March 16, 2012

Dredging improves shoaling in Hatteras ferry channel, and more is planned


As the dredge Merritt chugged away from Hatteras yesterday after 14 days working in Rollinson Channel, conditions in the ferry passage, at least for now, had considerably improved.

And after next week, they should be getting even better.

Shoaling created by Hurricane Irene in late August had created hazardous areas in the Hatteras-Ocracoke ferry channel, causing boats -- including the ferries -- to bump bottom on the worst days.  The sidecaster dredge was able to clear some of the worst spots.

“We haven’t had any problem whatsoever,” said Hal Scarborough, Hatteras state Ferry Division operations manager, referring to the days since Tuesday, when his shift began. 

But apparently things weren’t as good last week, when the Merritt itself got stuck on a shoal, said Lucy Wallace, a spokeswoman for the North Carolina Ferry Division.

Scarborough said that for the time being, ferry runs in the channel will continue to be limited to the smaller vessels.

When the big hopper dredge Currituck arrives on March 22, it will able to spend about 10 days doing the heavy-duty dredging the channel needs.

Roger Bullock, chief of navigation for the U.S Army Corps of Engineers Wilmington District, said that rather than continuing to wait for environmental clearances to dispose the dredged material in a deep area inside an inlet gorge, the Corps opted to go a little further to place the sand in the nearshore off Ocracoke Island.  Currents in that area, he said, allow the sand to drift south, instead of back to the inlet.

The Corps had applied for a “request for consultation” with the National Marine Fisheries Service on Feb. 27, said Bob Hoffmann, endangered species branch chief for NOAA Fisheries. The application is still being evaluated, he said. An opinion is typically provided between 30 to 135 days, he said, depending on the potential impacts.

Although Hoffmann couldn’t be specific, he said that the implementation on April 6 of a new rule listing Atlantic sturgeon as an endangered species could have some bearing in biological opinions issued on dredging projects.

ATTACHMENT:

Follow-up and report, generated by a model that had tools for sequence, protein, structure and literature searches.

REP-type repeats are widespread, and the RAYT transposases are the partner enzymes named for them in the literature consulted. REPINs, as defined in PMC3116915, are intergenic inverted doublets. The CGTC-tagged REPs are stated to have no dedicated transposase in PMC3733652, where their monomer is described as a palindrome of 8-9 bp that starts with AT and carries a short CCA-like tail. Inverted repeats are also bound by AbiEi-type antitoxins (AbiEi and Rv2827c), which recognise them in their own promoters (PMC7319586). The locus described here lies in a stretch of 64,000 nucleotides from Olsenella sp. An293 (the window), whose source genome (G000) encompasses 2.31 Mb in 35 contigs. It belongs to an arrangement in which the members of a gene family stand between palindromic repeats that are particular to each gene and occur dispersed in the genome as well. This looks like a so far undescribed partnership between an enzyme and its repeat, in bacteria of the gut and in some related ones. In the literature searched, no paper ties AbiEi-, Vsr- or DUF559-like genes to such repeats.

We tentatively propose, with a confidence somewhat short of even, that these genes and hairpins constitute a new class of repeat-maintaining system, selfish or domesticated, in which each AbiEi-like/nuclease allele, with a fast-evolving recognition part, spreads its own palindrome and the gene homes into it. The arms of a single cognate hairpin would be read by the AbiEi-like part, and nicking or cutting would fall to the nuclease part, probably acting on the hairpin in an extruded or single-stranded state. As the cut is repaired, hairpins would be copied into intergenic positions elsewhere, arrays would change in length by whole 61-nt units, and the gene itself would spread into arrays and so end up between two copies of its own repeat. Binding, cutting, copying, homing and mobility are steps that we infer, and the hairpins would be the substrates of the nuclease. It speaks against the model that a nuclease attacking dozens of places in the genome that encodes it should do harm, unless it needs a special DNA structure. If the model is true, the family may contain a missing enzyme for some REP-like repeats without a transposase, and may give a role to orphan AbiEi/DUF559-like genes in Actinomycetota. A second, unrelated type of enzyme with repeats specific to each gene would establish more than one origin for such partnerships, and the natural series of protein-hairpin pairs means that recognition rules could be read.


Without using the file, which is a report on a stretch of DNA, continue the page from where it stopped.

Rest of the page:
Bullock said the Corps could not keep an expensive government dredge waiting, despite its preference for placement of material in the gorge.
“We could not get a quick decision, even though we’ve used that for emergency disposal in the past,” Bullock said. “There was no science behind it. They just said sturgeons like deep holes.”

Jacob Boyd, protected species biologist for the state Division of Marine Fisheries, said that of the five distinct sturgeon populations covered in the Endangered Species Act listing, the Carolina and South Atlantic are the ones most likely to be seen off the Outer Banks.

The reason the fish would like deep holes, he said, is because they are benthic bottom feeders.  The young hatch and grow in estuarine shore waters. The adults spawn in fresh waters but otherwise live in the ocean.

“With sturgeon, I think this is going to be a problem with some of the dredging,” Boyd said.

Atlantic sturgeon, once known as the “pork chop of the sea” for their tasty meat, can live up to 60 years and grow to about 7 feet. Once abundant, the fish were sought after for caviar, and the populations declined drastically. They now number in the hundreds, although the state and federal fisheries agencies disagree on the population figures.  A moratorium on catching the fish has been in place for about 20 years.

Bullock said that the Merritt, which cleared out trouble areas by Buoy 11-A and Buoy 9, made a little channel for the Currituck to get through. When the hopper leaves, he said, the channel should be at its authorized depth of 10 feet. 

Then on about Sept. 1, a pipeline dredge is expected to arrive to do more work, Bullock said.

Meanwhile, the final review of an agreement between the state and the Corps to do dredging in Rollinson, Rodanthe, and Silver Lake Harbor, and surveying only at Stumpy Point, is expected to be completed soon.  Costs and quantities have not yet been determined.

But Bullock said the agreement will only cover one or two dredging cycles. After that, everyone is back to square one.

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